There is very little doubt that zoos, aquariums, and dolphinariums are unable to replicate the activity that occurs daily in the open oceans. Despite this, captive facilities tend to think they can escape this fact by adding “stimulation” to the schedules of dolphins and whales in the form of shows and guest interactions. While this change in schedule is without a doubt a terrible excuse for animal care, we have to admit that the dolphins living at the Taiji Whale Museum have it far worse than their average marine park counterparts.

Living Conditions

cappy vs wild
 

In the wild, cetaceans roam the open oceans and are capable of swimming up to 100 miles in a single day. In the cramped, concrete and glass enclosures at the Japanese prison, dolphins reside in just a few feet of water. Tank demensions are 20 x 15 feet, and cetaceans are denied stimulation. We could talk about this painful practice all day, but the best way to inform readers is if we show you. Grab a box of tissues and watch these two pantropical spotted dolphins suffer at the hands of man.

 

Social Structure

dolphin families
 

 

Dolphin calves will usually stay with their mothers for three to six years, but they sometimes stick around for longer periods of time.

Unfortunately, juvenile dolphins are often the most sought after cetaceans when it comes to the aquarium trade. This is because they are easier to train throughout their lifetime as opposed to older individuals. For this reason, dolphin calves are often prematurely separated from their mothers.

The separation of dolphin calves from their mothers is an incredibly traumatic experience that can often lead to acts of suicide by dolphin parents. This was the case for Angel who was captured in Taiji with 250 other pod mates. Angel was selected for the Taiji Whale Museum because of her rare coloration — a unique characteristic that could easily attract tourists. After being separated from her calf, Angel’s mother was documented sinking to the bottom of the cove where she was never seen again.

Socialization

podss
 

 

Most cetaceans are incredibly social, and roam the oceans in the company of large pods. These pods can harbor thousands of individuals who benefit from long lasting relationships and even call each other by names. While some dolphins have been recorded hanging out with other cetaceans that are not of the same species, pods tend to consist of a single species. This is because different species of dolphins have preferences as far as what foods they like, where they like to hunt, and how they like to hunt.

At the Taiji Whale Museum, several species of dolphins are thrown into the same small tanks where they are expected to coexist peacefully. While different species of animals can sometimes live in harmony, they are often subjected to bullying (and even death) if cage-mates are unable to get along.

In the case of cetaceans, they are forced to submit to the tortures inflicted on them by their tank mates. Angel the albino bottlenose dolphin, for example, is continuously bullied by two striped dolphins. Unable to put up a fight with the older males, she must swim rapidly around her small tank in the hopes of avoiding her oppressors.

 

 

4.  What YOU CAN and MUST Do to Stop the Suffering

But the Taiji Whale Museum is in a completely different country. We can’t just pack my bags and catch a flight to Japan to boycott and protest! Besides, the museum won’t let most foreigners past their entrance, so clearly there is nothing we can do.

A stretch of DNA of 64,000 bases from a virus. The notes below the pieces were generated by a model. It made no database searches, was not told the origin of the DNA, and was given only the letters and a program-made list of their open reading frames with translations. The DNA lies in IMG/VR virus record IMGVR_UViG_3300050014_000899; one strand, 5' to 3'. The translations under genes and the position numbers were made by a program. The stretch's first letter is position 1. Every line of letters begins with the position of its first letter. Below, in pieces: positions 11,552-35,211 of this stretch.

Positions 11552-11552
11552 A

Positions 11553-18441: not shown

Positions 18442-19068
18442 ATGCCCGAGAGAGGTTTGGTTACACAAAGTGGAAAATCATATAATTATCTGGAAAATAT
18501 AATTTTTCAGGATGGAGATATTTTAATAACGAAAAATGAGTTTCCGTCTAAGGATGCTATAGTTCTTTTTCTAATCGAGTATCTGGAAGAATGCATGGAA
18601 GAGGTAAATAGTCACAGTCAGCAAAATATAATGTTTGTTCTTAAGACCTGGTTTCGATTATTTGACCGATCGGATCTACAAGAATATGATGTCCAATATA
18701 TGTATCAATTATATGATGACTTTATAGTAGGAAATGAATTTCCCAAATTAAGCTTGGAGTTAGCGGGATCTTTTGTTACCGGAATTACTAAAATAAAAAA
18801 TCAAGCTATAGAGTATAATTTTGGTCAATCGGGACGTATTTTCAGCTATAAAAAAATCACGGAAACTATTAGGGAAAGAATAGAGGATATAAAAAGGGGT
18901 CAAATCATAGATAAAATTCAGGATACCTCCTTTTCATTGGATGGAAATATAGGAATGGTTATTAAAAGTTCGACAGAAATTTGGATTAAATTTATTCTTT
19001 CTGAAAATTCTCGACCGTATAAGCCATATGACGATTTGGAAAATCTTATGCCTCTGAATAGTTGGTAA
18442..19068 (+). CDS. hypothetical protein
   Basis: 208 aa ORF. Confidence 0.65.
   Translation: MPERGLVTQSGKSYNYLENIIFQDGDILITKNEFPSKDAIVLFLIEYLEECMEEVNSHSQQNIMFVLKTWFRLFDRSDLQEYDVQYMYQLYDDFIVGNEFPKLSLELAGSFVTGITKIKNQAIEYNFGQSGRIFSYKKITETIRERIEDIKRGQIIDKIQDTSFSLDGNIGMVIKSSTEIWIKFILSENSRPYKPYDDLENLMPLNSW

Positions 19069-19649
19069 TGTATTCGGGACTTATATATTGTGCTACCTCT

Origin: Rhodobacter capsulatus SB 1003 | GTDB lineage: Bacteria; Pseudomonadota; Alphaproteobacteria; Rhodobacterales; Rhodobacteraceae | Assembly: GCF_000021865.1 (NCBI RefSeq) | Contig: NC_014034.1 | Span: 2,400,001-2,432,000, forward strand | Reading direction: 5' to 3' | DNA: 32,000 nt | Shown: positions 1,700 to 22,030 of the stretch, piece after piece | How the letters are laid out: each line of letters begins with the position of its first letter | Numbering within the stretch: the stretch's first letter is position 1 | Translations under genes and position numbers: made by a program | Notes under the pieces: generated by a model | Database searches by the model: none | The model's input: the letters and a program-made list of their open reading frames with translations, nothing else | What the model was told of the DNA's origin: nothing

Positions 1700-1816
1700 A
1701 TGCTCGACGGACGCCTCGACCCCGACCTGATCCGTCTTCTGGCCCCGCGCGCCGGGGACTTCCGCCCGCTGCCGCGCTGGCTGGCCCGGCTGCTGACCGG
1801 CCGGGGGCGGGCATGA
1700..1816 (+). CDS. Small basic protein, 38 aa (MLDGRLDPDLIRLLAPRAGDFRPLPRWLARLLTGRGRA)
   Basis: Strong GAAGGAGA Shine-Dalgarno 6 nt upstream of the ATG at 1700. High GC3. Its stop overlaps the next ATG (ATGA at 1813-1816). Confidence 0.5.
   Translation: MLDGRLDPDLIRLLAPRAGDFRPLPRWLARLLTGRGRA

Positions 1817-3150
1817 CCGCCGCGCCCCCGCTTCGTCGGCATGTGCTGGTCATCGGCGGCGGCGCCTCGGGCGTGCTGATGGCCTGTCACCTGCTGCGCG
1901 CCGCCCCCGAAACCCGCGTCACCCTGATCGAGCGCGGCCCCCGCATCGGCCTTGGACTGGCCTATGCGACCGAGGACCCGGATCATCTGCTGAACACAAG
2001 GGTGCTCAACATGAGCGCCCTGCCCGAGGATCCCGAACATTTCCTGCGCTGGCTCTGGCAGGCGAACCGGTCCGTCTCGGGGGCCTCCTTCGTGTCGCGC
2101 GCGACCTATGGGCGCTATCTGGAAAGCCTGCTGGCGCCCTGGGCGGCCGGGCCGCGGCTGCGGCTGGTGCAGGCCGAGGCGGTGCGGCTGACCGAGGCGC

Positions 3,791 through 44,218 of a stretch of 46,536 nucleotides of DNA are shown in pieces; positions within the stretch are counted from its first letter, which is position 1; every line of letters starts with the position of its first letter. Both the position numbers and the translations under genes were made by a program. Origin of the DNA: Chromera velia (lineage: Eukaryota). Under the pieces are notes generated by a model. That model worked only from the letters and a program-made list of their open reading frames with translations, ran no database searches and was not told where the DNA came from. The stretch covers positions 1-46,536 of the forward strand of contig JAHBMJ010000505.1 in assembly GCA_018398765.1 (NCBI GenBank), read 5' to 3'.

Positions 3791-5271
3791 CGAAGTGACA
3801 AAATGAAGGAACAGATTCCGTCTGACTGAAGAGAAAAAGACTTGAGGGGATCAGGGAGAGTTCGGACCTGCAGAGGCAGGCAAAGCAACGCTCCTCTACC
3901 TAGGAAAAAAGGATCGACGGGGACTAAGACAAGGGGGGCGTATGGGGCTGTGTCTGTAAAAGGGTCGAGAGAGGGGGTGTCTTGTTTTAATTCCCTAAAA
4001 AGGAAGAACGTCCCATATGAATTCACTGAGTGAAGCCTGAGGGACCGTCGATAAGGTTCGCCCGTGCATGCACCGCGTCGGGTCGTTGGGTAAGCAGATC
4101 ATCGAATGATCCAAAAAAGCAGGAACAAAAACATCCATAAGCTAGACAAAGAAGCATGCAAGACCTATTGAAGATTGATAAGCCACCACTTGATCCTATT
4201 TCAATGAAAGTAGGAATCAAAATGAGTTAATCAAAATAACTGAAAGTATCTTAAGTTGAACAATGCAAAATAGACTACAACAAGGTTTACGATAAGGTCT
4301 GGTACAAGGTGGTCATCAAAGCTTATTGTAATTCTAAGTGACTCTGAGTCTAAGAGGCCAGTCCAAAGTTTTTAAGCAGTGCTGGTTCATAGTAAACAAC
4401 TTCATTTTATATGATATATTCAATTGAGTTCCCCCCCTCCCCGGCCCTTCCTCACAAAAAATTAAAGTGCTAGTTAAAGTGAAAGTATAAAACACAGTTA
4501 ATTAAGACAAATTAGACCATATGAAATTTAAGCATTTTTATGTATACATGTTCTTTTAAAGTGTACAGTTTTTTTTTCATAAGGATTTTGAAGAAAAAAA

WRONG. Don’t give up hope just yet! While there are bridges that need to be built to help animal-lovers everywhere save the cetaceans that are currently living in their fishbowl prisons, there are plenty of easy-peasy options to get you started on your path to supporting the end of the Taiji trade.

SIGN, SIGN, SIGN

With just a few clicks from your keyboard, you can easily contribute to the demise of both the Taiji Whale Museum as well as the annual Taiji dolphin drives. There are multiple petitions on Change.org that aim to end cetacean cruelty. Here are a few active petitions calling for an end to the animal cruelty occurring in Taiji museums and local waterways:

Avoid Zoos and Aquariums That Obtain Their Animals From Taiji

As mentioned before, hunters in Taiji supply cetaceans to more than just their local dolphinarium. There are hundreds of parks that benefit from dolphin drives, so be sure to avoid parks that aid in the cruel practice. Right Tourism has provided an extensive list of facilities in multiple countries that you should probably avoid.

Leave a Review on Trip Advisor and Similar Sites

After exploring the many abuses facing Taiji Whale Museum’s animals, I’m sure you would be shocked to hear that the popular travel company, Tripadvisor, has few negative reviews about the museum. This is because of the museum’s racist act of denying foreigners (people who have most likely been made aware of the unpopular Taiji dolphin hunt) the ability to view the horrendous living conditions of captive cetaceans.

The positive reviews read on the website stem from the museum’s cheap prices when it comes to feeding and interacting with dolphins. Some locals see no evidence of wrongdoing when they enter the gates to Hell, and it is time that they realize just how horrible the Taiji Whale Museum is.

Please help these trapped cetaceans by sharing this post in the review section of the Taiji Whale Museum on Tripadvisor. Leave a comment addressing the museum’s cruelty to their animals, and help us spread the word!

Expose Others

Let us known (in the comments sections) about other animal attractions that should be banned for the way they treat animals.

Lead image source: Animal Blawg